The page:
Mr. Keightlinger gives the chain one last jerk and winds it off, then steps off the elevator. The floor beyond unfinished, open, steel beams and white-patched drywall, plastic sheeting hanging limply gently pattering with rain. “Wonder who Joe is,” he says. He heads over toward the nearest plastic sheet, brushes it with one hairy-knuckled finger. “Really,” he says. He reaches into his jacket, pulls out a pair of sunglasses. The left lens is covered with spidery words painted in white ink. He puts them on and lifts the plastic aside.

Twenty or thirty floors below the river unruffled by the rain the bridges over it marching out ahead of him one by one into the deepening afternoon gloom until far-off the great arch of the northern freeway bridge winking with red and white lights. To his left the cluster of buildings downtown, the brick tower, the high white tower with narrow dark windows, the grey and white tower topped by a sweeping wing-shape, a rooftop garden in its shadow. Past them away and beyond a lone tower of ruddy amber glass framed by dull pink stone all of it smeared against the dark and rainy hills beyond.

“Wrong side,” says Mr. Keightlinger, letting the plastic fall. “Should have said something.”

He heads across the open empty floor toward the other side of the building where the plastic sheeting soaked in soft grey light glows against the shadows. The sound of the rain louder here and under it the hissing rushing of freeway traffic. “Armenians?” he says. “That doesn’t matter.” And then, “Under his collar. On his back?” He looks over his shoulder, still wearing the sunglasses. “You’re not making any sense.” Mr. Keightlinger lifts the plastic aside. “He’s on his own,” he says, then pushes under it and steps out to the very edge of the floor.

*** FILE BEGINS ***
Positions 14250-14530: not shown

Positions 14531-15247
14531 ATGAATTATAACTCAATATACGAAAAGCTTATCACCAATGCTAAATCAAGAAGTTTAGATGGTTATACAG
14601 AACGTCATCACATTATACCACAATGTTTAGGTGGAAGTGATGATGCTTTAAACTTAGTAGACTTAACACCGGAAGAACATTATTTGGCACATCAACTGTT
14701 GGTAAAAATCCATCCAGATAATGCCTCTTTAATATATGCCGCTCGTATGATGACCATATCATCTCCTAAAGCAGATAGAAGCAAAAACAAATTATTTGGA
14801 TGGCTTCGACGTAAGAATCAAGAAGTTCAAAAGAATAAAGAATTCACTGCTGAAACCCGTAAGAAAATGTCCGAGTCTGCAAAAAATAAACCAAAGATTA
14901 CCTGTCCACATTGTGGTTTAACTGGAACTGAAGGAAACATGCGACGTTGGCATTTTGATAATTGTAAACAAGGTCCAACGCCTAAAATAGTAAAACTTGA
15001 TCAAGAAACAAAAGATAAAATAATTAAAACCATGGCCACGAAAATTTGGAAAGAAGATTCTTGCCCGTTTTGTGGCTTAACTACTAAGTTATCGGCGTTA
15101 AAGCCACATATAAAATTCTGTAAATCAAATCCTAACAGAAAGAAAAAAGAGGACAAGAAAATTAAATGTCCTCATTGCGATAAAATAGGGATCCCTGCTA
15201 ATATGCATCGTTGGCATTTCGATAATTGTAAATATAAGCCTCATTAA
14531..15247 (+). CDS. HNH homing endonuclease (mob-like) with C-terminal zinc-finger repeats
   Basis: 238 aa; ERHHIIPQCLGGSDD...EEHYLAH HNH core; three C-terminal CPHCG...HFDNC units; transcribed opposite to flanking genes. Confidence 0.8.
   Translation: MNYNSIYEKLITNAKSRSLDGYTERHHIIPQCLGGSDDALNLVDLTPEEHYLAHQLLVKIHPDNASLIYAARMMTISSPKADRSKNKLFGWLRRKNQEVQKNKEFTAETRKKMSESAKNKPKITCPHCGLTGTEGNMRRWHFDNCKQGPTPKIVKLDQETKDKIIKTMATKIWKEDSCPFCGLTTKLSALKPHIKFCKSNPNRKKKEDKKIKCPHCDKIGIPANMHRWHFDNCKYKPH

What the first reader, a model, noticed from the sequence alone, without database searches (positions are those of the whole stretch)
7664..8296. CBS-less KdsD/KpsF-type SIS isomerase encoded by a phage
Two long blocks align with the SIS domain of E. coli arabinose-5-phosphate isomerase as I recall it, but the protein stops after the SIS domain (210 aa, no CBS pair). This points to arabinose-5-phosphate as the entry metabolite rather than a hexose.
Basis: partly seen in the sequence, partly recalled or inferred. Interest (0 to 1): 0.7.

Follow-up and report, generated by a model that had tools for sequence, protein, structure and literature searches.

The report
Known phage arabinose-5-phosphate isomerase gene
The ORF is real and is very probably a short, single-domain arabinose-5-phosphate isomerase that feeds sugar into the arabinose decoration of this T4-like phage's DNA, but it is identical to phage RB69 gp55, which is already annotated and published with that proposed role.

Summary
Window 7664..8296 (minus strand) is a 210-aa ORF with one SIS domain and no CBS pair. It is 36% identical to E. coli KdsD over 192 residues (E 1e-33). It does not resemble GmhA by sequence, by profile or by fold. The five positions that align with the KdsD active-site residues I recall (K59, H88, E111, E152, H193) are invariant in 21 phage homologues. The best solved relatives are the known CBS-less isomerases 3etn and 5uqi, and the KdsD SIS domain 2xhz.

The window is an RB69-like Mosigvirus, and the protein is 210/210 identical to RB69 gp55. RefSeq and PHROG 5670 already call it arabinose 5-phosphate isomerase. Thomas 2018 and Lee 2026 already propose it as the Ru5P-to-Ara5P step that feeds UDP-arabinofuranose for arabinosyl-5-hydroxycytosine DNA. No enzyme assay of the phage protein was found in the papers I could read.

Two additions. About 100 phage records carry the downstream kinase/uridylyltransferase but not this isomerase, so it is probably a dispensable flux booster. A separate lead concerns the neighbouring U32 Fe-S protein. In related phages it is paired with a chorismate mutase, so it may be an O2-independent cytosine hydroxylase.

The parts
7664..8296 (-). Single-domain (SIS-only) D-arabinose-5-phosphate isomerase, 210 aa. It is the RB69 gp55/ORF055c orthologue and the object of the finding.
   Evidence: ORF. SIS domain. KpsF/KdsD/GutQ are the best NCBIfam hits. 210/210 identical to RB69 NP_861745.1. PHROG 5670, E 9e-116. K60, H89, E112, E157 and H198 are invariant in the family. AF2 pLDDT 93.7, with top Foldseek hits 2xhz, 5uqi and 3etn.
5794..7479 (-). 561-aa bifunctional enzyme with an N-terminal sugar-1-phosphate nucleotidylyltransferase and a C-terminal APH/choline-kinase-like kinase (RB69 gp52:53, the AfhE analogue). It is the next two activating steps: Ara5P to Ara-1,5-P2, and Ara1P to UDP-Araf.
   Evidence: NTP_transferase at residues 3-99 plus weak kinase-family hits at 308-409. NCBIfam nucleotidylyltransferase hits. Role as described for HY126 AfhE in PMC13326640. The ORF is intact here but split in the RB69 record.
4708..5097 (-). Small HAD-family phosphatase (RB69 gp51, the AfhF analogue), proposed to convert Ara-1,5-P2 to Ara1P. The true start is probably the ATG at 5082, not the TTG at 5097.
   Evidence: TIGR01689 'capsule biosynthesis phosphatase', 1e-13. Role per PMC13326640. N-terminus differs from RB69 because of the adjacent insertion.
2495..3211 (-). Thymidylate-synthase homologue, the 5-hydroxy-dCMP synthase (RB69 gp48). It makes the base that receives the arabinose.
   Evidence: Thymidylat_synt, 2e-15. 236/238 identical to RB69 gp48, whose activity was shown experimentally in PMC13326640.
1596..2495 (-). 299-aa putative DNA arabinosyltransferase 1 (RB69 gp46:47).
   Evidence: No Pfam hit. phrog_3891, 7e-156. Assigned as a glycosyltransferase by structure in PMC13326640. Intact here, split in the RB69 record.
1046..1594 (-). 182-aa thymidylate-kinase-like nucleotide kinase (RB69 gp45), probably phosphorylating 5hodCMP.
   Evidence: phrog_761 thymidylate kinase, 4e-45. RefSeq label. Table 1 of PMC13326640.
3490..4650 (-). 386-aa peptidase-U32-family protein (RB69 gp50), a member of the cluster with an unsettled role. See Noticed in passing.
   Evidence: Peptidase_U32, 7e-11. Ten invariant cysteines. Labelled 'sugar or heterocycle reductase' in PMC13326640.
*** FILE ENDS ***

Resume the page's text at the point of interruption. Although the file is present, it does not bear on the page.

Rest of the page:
The river below, hills to his right dark with trees and studded with houses, the freeway sweeping past and around a dark shoulder lit up with headlights and taillights, to his left low bluffs and trees, a busy street along the river’s edge, more houses. A curl of island like a claw ahead of him, like an arrow pointing at him scrimmed with black-green trees and dotted with the battered yellows and oranges of construction equipment, gantries, cranes. Past it the left bank rising a bit and there in the trees the sky-blue wall of some long flat building an eagle painted spreads it wings over a long and rickety staircase that tumbles down to the water.

Mr. Keightlinger lets the plastic fall behind him, lowers his sunglasses, tilts his head, taking in that far-off blue wall, the bluff, the dark trees, the houses about. Just past the island a sudden confusion of lights, a ferris wheel, a snaking curl of roller coaster but he’s looking above it, past it. Lifting the sunglasses back into place. “Okay,” he says. Shifting the toes of his black shoes hanging over the long fall to the unfinished street below he licks a finger and then throws his arm out, pointing. A rush and a sodden bang, far-off, a smudge of pink light blooming in the air out there over the houses past that sky-blue wall. It smolders there, flickering, dying as pink-white sparks pop from it cooling to yellow and orange and red and nothing at all as they fall.